Ohio Senate Committee Holds Confirmation Hearing On ODH Director Nominee
An Ohio Senate Committee yesterday approved Governor John Kasich's nominee for state health director, paving the way for a floor-vote. Critics say Rick Hodges should not get the job because he is not a doctor. Ohio Public Radio's Jo Ingles reports.
Rick Hodges is a Republican former state lawmaker and the former head of the Ohio Turnpike Commission. But he’s not a doctor. For the last 16 years, directors of the Ohio Department of Health have been doctors. But Hodges told Ohio Senators during his committee hearing that a medical degree is not necessary to do the job.
Hodges “I am an experienced chief executive officer with a highly trained medical team. This new structure allows me to lead the operational complexities of a state agency and direct health and strategic priorities while allowing medical staff to focus their attention on clinical issues.”
Indeed, the structure of leadership at the Ohio Department of Health has changed with this new appointment. The state’s former epidemiologist, Dr. Mary DiOrio, has been appointed by Governor Kasich to serve in a newly created position as the state’s medical director. But she will serve under Hodges. And Doctor Alison Norris at Ohio State University’s College of Public Health says that’s a problem because Hodges, not DiOrio, is the one who is charged with calling the shots for health issues that the state deals with such as health effects of air quality, water quality, and viral outbreaks….. problems Norris says are best understood by experienced doctors.
Norris - “There are multi-dimensional problems and they are complicated. And people who have training in medicine and science are prepared to understand the data that is coming in and the kinds of policy and practice that needs to be put in place.”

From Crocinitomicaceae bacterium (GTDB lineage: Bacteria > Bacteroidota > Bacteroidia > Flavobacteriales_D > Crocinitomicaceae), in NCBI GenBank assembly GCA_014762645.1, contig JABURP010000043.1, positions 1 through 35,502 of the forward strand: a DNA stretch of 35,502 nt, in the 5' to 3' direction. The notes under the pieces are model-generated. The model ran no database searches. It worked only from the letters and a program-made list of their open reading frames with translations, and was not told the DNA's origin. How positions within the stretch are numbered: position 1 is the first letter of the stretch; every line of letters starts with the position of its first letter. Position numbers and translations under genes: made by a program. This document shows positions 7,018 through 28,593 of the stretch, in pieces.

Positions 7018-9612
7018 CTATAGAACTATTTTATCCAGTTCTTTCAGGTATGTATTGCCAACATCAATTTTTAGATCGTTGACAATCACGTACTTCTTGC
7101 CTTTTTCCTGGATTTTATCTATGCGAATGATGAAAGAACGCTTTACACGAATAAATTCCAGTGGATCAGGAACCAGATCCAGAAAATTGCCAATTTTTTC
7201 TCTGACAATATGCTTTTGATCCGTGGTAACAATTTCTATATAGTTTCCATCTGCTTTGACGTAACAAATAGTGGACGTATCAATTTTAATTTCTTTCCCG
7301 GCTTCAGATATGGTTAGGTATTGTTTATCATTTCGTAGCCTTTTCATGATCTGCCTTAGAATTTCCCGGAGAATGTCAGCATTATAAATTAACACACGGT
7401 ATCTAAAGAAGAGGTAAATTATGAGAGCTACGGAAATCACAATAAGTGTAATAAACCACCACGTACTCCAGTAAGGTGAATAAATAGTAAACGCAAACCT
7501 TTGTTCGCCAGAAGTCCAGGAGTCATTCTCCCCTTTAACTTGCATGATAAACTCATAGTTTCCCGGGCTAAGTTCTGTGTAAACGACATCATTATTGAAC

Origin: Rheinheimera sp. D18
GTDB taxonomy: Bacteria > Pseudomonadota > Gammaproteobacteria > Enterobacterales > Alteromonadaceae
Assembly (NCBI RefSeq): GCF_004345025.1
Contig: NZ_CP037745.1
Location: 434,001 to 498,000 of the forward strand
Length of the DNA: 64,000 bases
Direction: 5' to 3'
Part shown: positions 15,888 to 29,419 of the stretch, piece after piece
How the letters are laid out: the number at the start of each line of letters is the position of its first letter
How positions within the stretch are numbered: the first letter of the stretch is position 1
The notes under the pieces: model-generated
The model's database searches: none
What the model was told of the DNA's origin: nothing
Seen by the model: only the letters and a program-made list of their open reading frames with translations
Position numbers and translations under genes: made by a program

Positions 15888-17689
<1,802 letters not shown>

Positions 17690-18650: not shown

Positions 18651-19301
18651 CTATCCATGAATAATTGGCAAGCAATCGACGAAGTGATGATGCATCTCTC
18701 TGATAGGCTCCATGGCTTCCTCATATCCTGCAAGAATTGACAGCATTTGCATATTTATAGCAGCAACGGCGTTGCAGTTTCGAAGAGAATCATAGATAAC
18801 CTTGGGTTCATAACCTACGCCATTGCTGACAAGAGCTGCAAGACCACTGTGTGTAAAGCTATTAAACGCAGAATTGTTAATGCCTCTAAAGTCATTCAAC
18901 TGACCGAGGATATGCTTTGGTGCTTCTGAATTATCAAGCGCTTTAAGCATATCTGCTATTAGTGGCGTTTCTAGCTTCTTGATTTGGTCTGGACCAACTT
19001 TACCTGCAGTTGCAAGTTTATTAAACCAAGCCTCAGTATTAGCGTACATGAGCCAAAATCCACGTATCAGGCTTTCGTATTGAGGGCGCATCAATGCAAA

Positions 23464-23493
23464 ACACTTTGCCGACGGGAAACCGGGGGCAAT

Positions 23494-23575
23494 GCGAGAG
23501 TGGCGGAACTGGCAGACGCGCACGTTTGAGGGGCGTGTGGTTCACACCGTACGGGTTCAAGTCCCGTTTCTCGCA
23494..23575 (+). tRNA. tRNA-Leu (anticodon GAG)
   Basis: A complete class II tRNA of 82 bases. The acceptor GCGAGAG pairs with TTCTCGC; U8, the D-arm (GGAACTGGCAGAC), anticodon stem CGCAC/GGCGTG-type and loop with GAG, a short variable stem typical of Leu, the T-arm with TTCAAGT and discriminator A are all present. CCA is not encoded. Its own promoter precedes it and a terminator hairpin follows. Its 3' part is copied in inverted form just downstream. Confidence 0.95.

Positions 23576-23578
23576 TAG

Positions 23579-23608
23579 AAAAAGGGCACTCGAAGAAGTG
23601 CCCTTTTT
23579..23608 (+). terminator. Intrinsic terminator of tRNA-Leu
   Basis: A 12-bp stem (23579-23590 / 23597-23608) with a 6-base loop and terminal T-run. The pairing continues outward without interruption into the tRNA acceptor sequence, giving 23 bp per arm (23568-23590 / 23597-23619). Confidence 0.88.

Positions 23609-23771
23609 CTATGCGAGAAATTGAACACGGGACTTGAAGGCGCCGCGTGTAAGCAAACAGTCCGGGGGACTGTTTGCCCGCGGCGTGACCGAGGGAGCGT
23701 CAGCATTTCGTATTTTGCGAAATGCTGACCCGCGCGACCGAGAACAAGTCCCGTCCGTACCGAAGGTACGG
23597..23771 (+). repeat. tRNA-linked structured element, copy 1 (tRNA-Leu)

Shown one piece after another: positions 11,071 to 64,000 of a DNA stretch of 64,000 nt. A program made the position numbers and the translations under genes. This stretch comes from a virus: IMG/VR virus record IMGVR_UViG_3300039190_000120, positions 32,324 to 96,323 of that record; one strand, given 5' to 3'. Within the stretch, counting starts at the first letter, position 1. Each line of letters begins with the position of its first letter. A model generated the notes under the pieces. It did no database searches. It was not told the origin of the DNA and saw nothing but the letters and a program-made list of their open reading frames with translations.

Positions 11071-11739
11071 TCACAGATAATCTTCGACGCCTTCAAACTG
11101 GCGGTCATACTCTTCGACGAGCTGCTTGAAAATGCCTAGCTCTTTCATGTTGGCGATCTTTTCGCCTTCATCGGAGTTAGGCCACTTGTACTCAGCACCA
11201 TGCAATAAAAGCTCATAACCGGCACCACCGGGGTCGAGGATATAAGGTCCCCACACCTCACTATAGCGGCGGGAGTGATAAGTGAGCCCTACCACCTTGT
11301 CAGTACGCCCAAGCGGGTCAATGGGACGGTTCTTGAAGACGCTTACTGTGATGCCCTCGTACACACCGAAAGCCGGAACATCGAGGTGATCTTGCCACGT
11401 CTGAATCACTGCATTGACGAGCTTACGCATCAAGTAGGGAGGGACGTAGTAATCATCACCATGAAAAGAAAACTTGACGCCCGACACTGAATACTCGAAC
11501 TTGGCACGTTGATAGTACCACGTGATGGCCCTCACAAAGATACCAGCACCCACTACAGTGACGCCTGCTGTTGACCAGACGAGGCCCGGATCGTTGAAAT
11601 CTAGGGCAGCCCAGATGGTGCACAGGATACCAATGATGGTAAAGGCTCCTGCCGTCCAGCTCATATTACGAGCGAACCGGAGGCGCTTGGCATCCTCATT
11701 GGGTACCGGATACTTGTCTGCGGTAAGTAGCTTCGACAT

The concern that someone without a medical degree has been tapped to head the health department is echoed by Jaime Miracle with the NARAL Pro Choice Ohio. Opponents such as Miracle didn’t get an opportunity to speak at the confirmation hearing. But afterwards, she points out the Ohio legislature has put the health director in charge of determining whether abortion clinics have proper transfer agreements with hospitals and therefore can stay in business. Since that law has been put in place, two abortion clinics have shut down because of it, three others chose to close and others are at risk of closing. Miracle suspects Hodges was chosen to advance an ideology on that issue.
Miracle - “The question that still hasn’t been answered is did Kasich appoint Mr. Hodges for this job because he couldn’t find a medical professional to carry out this witch hunt of abortion providers? And yes, he can surround himself by whoever he wants to but when it comes down to making the decision, it is his decision to make. It is his decision. It is his signature.”
It might not come as a surprise but the head of Ohio Right to Life, Stephanie Krider, disagrees with Miracle.
Krider – Being pro life doesn’t disqualify anyone from holding a public office. And if they are unhappy with the direction of things, the legislature is responsible for having passed these laws. The Governor enacted them by signing them. If their concern is with transfer agreements and those laws, then they should work to change the laws. We just had an election and they lost.
NARAL Pro Choice Ohio is fighting those laws - a lawsuit was filed earlier this week to keep some Ohio clinics open. One fight that’s now over is whether Hodges will get approval from the senate committee that is considering his appointment. The committee approved it by a margin of 8 to 1.